(2004). Psychoanalytic Psychotherapy, 18(3):305-323
Thinking about Voices: A Clinical Framework for Using Psychoanalytic Psychotherapy to Recover a Non-Psychotic Self-Representation in a Schizophrenic Patient
In this paper, I have reported how a woman with a long history of paranoid schizophrenia was able to use psychoanalytic psychotherapy in the NHS to work through a delusional belief of having her father's child. As a result of the therapy she was able to recover a reflective function and to represent herself, again, as a non-psychotic person. I have described the clinical framework of the therapy as based on the psychodynamic developmental therapy and the mentalization model, as developed by Fonagy and Target (1996), which posits that the development of a core or psychological self is not a given and can occur only through early object relationships with a caregiver who enables the child to integrate two modes of functioning, the psychic equivalence and the pretend modes. If the care-giver is abusive or unable to acknowledge or think about a piece of reality the child will not be able to do so on her own and, as a result, will experience the unthinkable thought in a psychic equivalence mode. In the clinical setting, the role of the therapist is, first, to acknowledge the reality of the patient's internal world and eventually enable her/him to think about the unthinkable thoughts.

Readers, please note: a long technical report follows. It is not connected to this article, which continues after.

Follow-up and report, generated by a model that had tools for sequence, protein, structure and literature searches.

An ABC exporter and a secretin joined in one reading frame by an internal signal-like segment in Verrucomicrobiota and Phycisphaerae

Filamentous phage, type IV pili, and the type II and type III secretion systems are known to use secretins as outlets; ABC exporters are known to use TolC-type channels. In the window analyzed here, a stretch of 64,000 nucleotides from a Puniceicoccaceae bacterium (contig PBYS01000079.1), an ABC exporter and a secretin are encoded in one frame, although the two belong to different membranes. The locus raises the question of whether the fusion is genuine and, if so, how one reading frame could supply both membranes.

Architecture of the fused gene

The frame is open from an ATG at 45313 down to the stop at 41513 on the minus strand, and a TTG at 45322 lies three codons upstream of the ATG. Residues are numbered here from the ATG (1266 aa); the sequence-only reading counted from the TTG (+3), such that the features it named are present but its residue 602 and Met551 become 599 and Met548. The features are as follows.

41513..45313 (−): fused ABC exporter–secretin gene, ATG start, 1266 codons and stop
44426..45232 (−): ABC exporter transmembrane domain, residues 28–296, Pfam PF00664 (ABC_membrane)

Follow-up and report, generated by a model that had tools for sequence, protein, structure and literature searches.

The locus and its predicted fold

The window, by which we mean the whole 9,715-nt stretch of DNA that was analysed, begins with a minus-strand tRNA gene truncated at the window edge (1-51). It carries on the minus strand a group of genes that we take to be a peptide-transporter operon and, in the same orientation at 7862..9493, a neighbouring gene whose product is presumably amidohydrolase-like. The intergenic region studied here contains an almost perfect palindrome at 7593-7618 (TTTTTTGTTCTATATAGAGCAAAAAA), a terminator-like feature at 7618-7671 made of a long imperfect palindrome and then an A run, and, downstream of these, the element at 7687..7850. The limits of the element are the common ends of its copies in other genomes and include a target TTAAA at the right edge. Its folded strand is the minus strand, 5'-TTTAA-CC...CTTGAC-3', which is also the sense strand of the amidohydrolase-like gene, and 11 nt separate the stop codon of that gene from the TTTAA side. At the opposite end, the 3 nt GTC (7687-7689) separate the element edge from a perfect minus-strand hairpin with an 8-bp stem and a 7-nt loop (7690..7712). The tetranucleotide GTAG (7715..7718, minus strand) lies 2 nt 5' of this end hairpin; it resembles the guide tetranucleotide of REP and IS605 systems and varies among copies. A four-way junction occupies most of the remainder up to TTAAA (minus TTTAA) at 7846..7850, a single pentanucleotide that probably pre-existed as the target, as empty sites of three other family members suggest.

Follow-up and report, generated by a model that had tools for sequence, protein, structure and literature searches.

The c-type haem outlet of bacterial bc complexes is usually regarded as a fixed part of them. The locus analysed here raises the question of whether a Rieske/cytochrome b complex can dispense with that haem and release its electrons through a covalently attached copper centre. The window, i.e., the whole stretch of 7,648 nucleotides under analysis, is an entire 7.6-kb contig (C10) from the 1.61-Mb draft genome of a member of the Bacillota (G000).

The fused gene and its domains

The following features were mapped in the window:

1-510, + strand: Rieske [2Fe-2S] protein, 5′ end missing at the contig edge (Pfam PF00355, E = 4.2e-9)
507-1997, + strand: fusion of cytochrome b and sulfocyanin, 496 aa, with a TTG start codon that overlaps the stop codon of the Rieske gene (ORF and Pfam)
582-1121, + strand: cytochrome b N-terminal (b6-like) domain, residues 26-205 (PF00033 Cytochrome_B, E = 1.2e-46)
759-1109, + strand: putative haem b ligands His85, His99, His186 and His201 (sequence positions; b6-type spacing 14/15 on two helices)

I have emphasized, also, the technical importance of balancing interpretation of unconscious strivings with ego-supporting communications.
I propose that this framework can be used to enable some people suffering from severe and incapacitating mental illness to lead more satisfactory and fulfilling lives through the exploration of delusional formations and the recovery of a non-psychotic part of their selves.
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‘At this point of my existence, I cannot imagine leading a normal life without both taking lithium and having had the benefits of psychotherapy. Lithium prevents my seductive but disastrous highs, diminishes my depressions, clears out the wool and webbing from my disordered thinking, slows me down, gentles me out, keeps me from ruining my career and relationships, keeps me out of hospital, alive, and makes psychotherapy possible. But, ineffably, psychotherapy heals. It makes some sense of the confusion, reins in the terrifying thoughts and feelings, returns some control and hope and possibility of learning from it all. Pills cannot, do not, ease one back into reality; they only bring one back headlong, careering, and faster than can be endured at times. Psychotherapy is a sanctuary; it is a battleground; it is a place I have been psychotic, neurotic, elated, confused and despairing beyond belief. But always it is where I have believed — or have learned to believe — that I might someday be able to contend with all of this.’ (Kay Redfield Jamison, An Unquiet Mind 1966).